FROM Jonathan Adler
Design Gifts Filled with Significance What ascribes meaning to an object? We asked several people are in the business of making and selling “meaningful objects.” Jeremy Levine, Joel Chen, Lorca Cohen, Jonathan Adler, Simon Doonan and Oliver Furth all give their takes on what makes an object meaningful. And if you're still looking for that special something to give someone, especially someone who loves good design, we also have some specific recommendations. First off, in the realm of books, who better to ask than Lee Kaplan? He is the co-owner of Arcana Books on the Arts , a beautiful store designed by Johnston Marklee in Culver City where you can find amazing and sometimes obscure books about fashion, architecture, music and photography. We asked Lee to single out one meaningful book currently in the store. His pick might surprise you: Human Zoos , a riveting look at Western man's exploitation of non-Western men, from freak shows to circuses. The trailer for "The Unfinished Swan" video game One of the huge sellers this year will of course be video games, many of them very violent, if brilliantly created. But some game designers are trying to create another kind of alternative universe, explains Brent Gordon, video game enthusiast who once served as fanboy host for Sony’s Playstation network. He recommends two video games: "The Unfinished Swan" by Giant Sparrow , and "Journey" by That Game Company . The Rolex 1977 GMT And where would Hannukah or Christmas be these days without a cartload of pods and pads arriving in the house? But this year men in particular might be yearning for gadget with deeper meaning, as we learned from the debonair Cory Lashever, who recommends a vintage Rolex 1977 GMT. Or, if you're in LA, perhaps you'll discover something old or new at Lashever's pop-up Storefront Bazaar , in downtown’s Arts District. Vintage chairs at Storefront Bazaar Linens for sale at Storefront Bazaar Vintage furniture dealer Lorca Cohen (holding glass) at the opening of Storefront Bazaar Lashever is co-presenter of Storefront Bazaar, which is selling vintage and handmade goods, including chairs collected by Lorca Cohen (above) through January 15 at 821 E. 3rd Street, Los Angeles. Kids woodworking on the Side Street bus, which brings art programs to students And finally, we return to Jeremy Levine, architect and chair of Side Street Projects , which represents another kind of meaningful gift that won’t add to the clutter at home: a donation to a nonprofit. Side Street is one of many non-profits looking for financial or in-kind donations that are committed to bringing the arts and design into children’s lives. Top image: Opening night at Storefront Bazaar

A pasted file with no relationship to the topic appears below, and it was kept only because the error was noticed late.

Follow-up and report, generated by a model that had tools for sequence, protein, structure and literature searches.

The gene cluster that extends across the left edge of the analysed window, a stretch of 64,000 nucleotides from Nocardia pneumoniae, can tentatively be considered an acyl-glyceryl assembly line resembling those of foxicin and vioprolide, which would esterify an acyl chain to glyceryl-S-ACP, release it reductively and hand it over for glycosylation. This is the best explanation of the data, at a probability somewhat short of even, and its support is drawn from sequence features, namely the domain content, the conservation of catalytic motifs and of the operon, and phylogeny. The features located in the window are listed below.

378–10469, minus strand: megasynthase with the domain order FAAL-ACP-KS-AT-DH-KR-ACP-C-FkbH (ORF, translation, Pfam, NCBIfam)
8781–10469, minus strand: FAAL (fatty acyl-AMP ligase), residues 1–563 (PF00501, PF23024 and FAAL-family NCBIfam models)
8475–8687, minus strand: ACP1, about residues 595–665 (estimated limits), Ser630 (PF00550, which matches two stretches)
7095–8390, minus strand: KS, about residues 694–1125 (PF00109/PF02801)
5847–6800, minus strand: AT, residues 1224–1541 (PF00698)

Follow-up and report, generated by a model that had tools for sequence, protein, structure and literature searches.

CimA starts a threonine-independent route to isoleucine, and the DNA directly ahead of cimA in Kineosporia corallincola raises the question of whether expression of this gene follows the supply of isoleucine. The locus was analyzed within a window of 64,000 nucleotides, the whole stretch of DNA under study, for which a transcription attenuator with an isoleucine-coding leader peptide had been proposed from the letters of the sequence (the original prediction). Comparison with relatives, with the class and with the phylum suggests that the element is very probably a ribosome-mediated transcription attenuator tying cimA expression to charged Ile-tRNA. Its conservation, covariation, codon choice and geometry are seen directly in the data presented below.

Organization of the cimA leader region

Celebrating What Matters This Season This holiday season comes at the end of a year of tumult; just the time when it’s helpful to hear from people with conviction about what really matters. Jonathan Adler and Simon Doonan are two design talents—Jonathan with his accessories and home decor company and Simon as the longtime window dresser and creative director at Barneys—who also happen to be a classy couple. And they both write books full of perky advice. Jonathan’s include Happy Chic Accessorizing and My Prescription for Anti-Depressive Living . Simon’s include Wacky Chicks and Gay Men Don't Get Fat . When many Americans are feeling the pinch, what's their advice for this holiday season? Keep it simple. For some ideas, visit Jonathan Adler's LA store at 8125 Melrose Avenue. Simon Doonan argues that when it comes to style, gays are the chosen ones Jonathan Adler's book includes tips for living happy, many of which can be found in his Manifesto for Living Top image: Simon Doonan and Jonathan Adler, photo by Jennifer Altman
Farewell LA freeways, Peter Shire is back Angelenos don't want more freeways but we seem not to want mass transit either. Metro has killed the 710 freeway extension, and bus and train ridership is down across the region. What's the future of getting around in LA? And, Peter Shire is having a comeback. What attracts a new generation to his playful ceramics and furniture?
Shaking up the USDA, 'The Beef Cookbook' and 'Tartine All Day' Peggy Lowe explains why Trump’s pick for USDA Secretary is rattling rural America. Dario Cecchini talks future plans for Chianti ramen, and Richard Turner shares cuts from “PRIME: The Beef Cookbook.” Writer Matthew Sedacca looks at the controversy behind liquid smoke. Jonathan Gold tries Chengdu-style dishes, and Elisabeth Prueitt of Tartine fills us in on the latest. Plus, chef Michael Beckman shares a recipe for cactus confit.
Why is Trump so behind on filling staff jobs, establishing concrete policies? Yesterday Donald Trump signed a “decision memo” to revamp the air traffic control system. But there was little legislative detail in the plan. There’s not much to other splashy announcements from the White House, including tax cuts and the arms deal with Saudi Arabia. And hundreds of positions are unfilled in federal agencies.
George Saunders: Lincoln in the Bardo (Part I) Lincoln in the Bardo dramatizes a grieving President Lincoln as he visits the grave of his beloved son Willie, who died at age eleven. In the novel, the buried dead believe they're not dead -- "they're sick and refer to their coffins as "sick boxes."